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Posted by Murrisk on November 13, 2001 at 12:47:06:

At or shortly after St. Mary's was built in the late 1800's the river connecting Saleen Lake to Lough Lannagh was deepened to improve drainage (see the atached mhriver.jpg). At the same time quarries, now filled in, were developed to feed the lime kiln on what was known as the Mental Hospital farm. Cattle grazed, crops were grown and the patients were took exercise by walking the central rectangular area supervised bt attendants (nurses). All of the farm work was done by patients the majority of whom came from farming backgrounds. The quarries and the lime kiln were still active in the 1960's. The quick lime was stored in a shed beside the river near the sewage tanks (where the traveller's stopping park is located). The lime was applied to acid soil and small amounts were used in white wash. The Mental Hospital farm is now a pitch and putt club. Around the same time as the Mental Hospital river was deepened a weir was built on the river where it flows into Lough Lannagh.

There were widespread drainage schemes in the late 1880's/1890's. The level of Lough Lannagh was lowered and it was at this time that Lough Lea was drained. The attached photo (lake1914.jpg) taken in 1914 shows the lowered lake level with cattle grazing. The photo is looking towards Lake Lawn (Newtown/Marsh House). The white house in the photo might be the then newly built St. Mary's Presbytery which was/is on high ground directly opposite the newly built church or perhaps Marsh House ??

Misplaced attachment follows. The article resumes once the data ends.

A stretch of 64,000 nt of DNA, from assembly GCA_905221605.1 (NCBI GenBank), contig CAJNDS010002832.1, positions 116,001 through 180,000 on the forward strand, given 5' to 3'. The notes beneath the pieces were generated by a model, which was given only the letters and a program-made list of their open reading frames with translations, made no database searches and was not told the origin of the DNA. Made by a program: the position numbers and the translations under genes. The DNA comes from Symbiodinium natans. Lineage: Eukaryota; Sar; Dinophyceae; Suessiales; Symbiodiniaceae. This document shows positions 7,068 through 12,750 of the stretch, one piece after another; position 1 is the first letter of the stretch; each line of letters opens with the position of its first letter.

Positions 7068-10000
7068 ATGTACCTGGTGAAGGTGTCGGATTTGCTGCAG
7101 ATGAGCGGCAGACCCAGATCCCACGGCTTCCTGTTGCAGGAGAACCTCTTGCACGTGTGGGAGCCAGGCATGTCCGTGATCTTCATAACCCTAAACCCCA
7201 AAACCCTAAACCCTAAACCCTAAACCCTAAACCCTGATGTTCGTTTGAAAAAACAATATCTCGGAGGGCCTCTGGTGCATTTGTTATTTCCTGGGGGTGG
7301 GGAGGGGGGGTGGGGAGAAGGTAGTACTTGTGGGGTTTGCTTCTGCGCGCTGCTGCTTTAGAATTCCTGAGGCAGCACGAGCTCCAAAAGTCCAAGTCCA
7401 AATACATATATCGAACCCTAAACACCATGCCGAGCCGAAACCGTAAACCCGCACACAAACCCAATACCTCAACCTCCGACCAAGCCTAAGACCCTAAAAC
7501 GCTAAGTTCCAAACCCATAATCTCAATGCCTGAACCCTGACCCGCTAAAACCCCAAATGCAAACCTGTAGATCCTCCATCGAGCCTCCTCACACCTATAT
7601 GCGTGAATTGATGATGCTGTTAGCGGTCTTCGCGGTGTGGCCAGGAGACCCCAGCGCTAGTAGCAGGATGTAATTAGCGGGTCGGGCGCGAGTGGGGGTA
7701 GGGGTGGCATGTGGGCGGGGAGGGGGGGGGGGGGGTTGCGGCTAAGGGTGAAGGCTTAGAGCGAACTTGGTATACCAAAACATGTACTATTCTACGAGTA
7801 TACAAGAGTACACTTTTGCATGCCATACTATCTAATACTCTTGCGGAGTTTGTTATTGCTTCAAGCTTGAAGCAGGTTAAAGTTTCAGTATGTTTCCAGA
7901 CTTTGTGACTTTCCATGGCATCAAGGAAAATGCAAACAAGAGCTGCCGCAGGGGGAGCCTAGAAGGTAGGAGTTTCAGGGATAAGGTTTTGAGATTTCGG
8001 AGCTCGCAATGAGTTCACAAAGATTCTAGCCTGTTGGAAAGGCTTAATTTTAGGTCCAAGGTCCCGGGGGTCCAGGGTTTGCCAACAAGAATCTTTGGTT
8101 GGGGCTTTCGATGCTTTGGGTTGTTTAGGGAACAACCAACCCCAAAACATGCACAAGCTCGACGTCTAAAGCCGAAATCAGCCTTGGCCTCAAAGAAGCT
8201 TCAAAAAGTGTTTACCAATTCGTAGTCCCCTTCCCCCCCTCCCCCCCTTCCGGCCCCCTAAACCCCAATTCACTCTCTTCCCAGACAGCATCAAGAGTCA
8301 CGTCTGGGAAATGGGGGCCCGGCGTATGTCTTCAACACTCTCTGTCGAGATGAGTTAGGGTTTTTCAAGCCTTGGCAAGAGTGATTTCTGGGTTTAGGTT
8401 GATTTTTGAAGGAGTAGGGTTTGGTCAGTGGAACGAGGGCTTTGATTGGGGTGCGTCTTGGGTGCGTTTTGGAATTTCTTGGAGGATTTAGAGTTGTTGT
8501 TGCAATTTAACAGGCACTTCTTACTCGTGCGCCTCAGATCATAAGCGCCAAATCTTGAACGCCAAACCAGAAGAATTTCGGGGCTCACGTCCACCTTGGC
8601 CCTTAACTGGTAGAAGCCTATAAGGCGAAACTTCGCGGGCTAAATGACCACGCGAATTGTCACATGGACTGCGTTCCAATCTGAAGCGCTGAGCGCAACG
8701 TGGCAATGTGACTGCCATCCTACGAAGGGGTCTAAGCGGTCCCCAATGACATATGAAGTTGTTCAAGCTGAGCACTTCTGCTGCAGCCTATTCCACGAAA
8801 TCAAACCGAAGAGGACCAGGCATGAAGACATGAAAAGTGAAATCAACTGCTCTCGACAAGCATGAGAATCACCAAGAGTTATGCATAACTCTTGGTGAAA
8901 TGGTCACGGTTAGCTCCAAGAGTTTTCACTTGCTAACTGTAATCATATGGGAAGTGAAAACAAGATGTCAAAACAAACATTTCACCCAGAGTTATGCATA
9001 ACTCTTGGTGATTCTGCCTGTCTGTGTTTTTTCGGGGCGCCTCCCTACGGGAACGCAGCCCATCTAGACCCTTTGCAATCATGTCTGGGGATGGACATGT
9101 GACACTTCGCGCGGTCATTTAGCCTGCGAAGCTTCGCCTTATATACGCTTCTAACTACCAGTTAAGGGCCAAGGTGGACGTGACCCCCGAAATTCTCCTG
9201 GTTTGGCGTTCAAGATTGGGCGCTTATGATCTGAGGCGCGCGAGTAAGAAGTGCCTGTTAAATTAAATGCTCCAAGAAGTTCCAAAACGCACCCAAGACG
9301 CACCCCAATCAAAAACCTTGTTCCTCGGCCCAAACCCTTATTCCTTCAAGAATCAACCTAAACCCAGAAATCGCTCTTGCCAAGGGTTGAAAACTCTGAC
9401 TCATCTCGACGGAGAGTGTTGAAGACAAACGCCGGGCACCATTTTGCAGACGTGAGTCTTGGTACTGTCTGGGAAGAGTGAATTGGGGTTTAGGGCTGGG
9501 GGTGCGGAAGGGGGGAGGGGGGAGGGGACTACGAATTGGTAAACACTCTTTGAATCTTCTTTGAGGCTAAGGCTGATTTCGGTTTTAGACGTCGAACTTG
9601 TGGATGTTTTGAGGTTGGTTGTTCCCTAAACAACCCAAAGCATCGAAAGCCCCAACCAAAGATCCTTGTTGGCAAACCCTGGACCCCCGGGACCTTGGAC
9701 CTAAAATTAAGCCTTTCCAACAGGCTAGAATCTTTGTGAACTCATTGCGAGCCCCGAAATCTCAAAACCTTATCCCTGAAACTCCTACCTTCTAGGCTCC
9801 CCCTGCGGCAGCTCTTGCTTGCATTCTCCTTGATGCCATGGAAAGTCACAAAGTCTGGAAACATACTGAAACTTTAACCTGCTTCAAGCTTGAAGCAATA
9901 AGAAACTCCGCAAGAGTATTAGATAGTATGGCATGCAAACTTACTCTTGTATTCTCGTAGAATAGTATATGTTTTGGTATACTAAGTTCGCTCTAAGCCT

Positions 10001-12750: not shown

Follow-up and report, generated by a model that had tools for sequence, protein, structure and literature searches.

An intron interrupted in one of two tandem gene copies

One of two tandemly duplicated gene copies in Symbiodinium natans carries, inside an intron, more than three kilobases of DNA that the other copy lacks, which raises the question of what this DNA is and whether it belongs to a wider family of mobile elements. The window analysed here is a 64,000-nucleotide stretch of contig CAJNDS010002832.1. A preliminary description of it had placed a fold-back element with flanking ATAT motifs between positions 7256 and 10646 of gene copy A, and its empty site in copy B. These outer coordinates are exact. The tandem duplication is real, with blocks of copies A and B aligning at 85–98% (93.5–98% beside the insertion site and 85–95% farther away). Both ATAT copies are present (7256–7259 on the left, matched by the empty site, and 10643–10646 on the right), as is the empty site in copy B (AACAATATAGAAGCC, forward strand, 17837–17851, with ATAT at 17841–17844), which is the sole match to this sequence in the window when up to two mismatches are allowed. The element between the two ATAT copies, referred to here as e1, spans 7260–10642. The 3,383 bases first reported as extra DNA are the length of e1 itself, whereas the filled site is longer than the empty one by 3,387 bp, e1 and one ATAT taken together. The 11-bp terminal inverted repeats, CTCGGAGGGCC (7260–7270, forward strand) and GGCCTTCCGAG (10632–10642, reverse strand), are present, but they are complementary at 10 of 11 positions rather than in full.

Prior to drainage, the Castlebar river where it exited Lough Lannagh was wide with an island in it (see Murrisk's earlier postings of Castlebar in 1839 and 1870). The island disappeared with the drainage. The extent to which the level of Lough Lannagh was lowered can be gauged by comparing the outline of the lake in 1839 and 1917. In 1839 the five Boyd's Islands (later to be known as McDonald's island) were surrounded by water. In 1917 they were part of the shoreline.

In 1839 there was a small island (6 perches) in the lake opposite the graveyard. In 1917 this island does not appear on the map. Some may remember tales of a 'floating island' in the lake - people from the Newport Road used to tie their boats to it. It did not survive the Moy drainage of the 1960's. There was speculation that it might have been a crannóg but I don't think so. I think the 'floating island' was the remnant of this small island.

Click on the above photos to enlarge

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